I wanted to write here under my own steam if you don't mind.I've been somewhat coy about my involvement with blogging. It's public here that I've run a successful blog in another area (that I choose to keep private) for a number of years. But I also have published on virtual communities for a number of years as well, and have presented papers at a number of conferences (in a variety of disciplines). All of that has meant a ten year study of blogs, many like this one.Yet, I've never seen an online community quite like CM. There is an authentic display of personhood here that simply is not seen in the communities I've been a part of our studied.There are characters on CM that are absolutely breathtaking. Yaro is one. For me, Yaro is enough reason for one to want to enter the profession. And his contributions (actually tiny in number) overwhelm years of academic misery and overshadow scores of miserable colleagues and students. And Walter, the polarizing, wicked one from Texas. His transformation over the years (since RYS) is something I've never actually seen before. He retains some of his "crazziness," but has tempered his worst features, in part (and I'm guessing, but I'm sure!) because of the kindness and even-temper of this larger community.Of course there are more characters than I could name who make this place as rich as it is, Ben, Stella, the Cynic, the Monkey, and the list could extend a full page.I rarely see the kind of openness and honest interaction that I see on CM. I do not hesitate in saying that CM is the finest online community of academics I've ever seen. It's a delight to be a part of it. I am richer for knowing all of you.And Fab? Poor Fab, who, I know, sometimes feels put-upon, sometimes feels as if he's not giving the page enough, doing enough to build the community. Well, he's a shepherd every community, real or virtual, should have.Leslie K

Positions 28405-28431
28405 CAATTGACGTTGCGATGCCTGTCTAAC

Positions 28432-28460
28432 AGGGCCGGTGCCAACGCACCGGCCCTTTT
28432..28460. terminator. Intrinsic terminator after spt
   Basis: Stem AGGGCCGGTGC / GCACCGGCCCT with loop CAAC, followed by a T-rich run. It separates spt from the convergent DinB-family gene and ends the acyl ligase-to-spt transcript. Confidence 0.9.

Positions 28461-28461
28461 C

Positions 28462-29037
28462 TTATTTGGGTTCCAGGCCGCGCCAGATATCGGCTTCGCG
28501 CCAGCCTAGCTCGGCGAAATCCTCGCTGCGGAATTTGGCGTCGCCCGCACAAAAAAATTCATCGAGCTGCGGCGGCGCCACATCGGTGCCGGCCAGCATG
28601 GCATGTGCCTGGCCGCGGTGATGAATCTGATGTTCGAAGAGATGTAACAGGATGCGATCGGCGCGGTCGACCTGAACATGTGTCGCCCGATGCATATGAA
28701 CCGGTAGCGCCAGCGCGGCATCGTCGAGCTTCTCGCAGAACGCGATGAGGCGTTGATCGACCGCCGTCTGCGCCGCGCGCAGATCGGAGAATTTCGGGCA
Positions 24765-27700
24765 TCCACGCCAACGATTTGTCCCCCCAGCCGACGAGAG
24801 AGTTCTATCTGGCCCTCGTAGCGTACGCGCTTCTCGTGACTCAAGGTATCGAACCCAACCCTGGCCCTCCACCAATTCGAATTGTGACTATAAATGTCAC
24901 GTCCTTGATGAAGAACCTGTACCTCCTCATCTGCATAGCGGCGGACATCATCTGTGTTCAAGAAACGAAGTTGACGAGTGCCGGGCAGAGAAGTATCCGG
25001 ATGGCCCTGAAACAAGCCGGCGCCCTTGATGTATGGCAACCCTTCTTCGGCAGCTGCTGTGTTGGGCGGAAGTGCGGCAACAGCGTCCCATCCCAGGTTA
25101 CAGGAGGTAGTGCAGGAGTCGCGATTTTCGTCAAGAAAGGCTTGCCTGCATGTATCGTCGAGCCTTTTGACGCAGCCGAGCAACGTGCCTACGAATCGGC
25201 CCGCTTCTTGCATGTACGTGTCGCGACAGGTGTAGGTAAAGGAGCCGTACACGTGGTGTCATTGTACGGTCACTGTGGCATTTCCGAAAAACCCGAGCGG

The moderators set the tone of the blog. Other people might write the posts but the moderators structure the community to an extent that the blog attracts certain types of readers and writers. CM started out much like RYS ended, a rough, crazy place. That ended because Fab enforced the Rules of Misery (e.g. be nice, don't eat somebody's lunch in the compound frig, etc) and we have comments. Comments allow us to form relationships with each other. Actually knowing readers (or thinking that I know them) makes it harder to write a post that I anticipate would piss people off. Things get less rough and less crazy as a result. At times, I think more craziness would be fun (can we piss of Katie again, please?) but having a friendly community is certainly nice too. And besides, why dump on each other when we have students?
This should have appeared as a reply to Leslie's post. For Fab, the Founding Father of CM, I wish you all the best. May the duck be with you.
In my short time as moderator, I was knocked out by the good humor of so many folks. Of course the complaints are legendary, but I often got follow up comments from people apologizing for freaking out about their fonts or positions on the page! And during it Fab and Cal were both endlessly patient and kind helping me run the page nearly into the ground...haha.I love Leslie K's view on things, and I, too, think Fab is the greatest.Be well, my friend, and come back soon.
This place is my solace and keeps me going on most days. Thank you to everyone who makes it possible to continue the community we have.
There's college misery, and then there's grief. And when they meet one another, here we are. It's lovely. I'm so glad you shared your loss, Fab, sorry as I am that you have had to go through it.
Fab, my father was so proud that I was a college professor. He was a hard man, much like yours, but I remember that frequently with loving thoughts.Kisses to you Fab always!
I'm so sorry for your loss, Fab. It sounds like you did your best, and your kindest, in a difficult situation (which, come to think of it, is also what you do when things get fractious here). I hope knowing that is some comfort.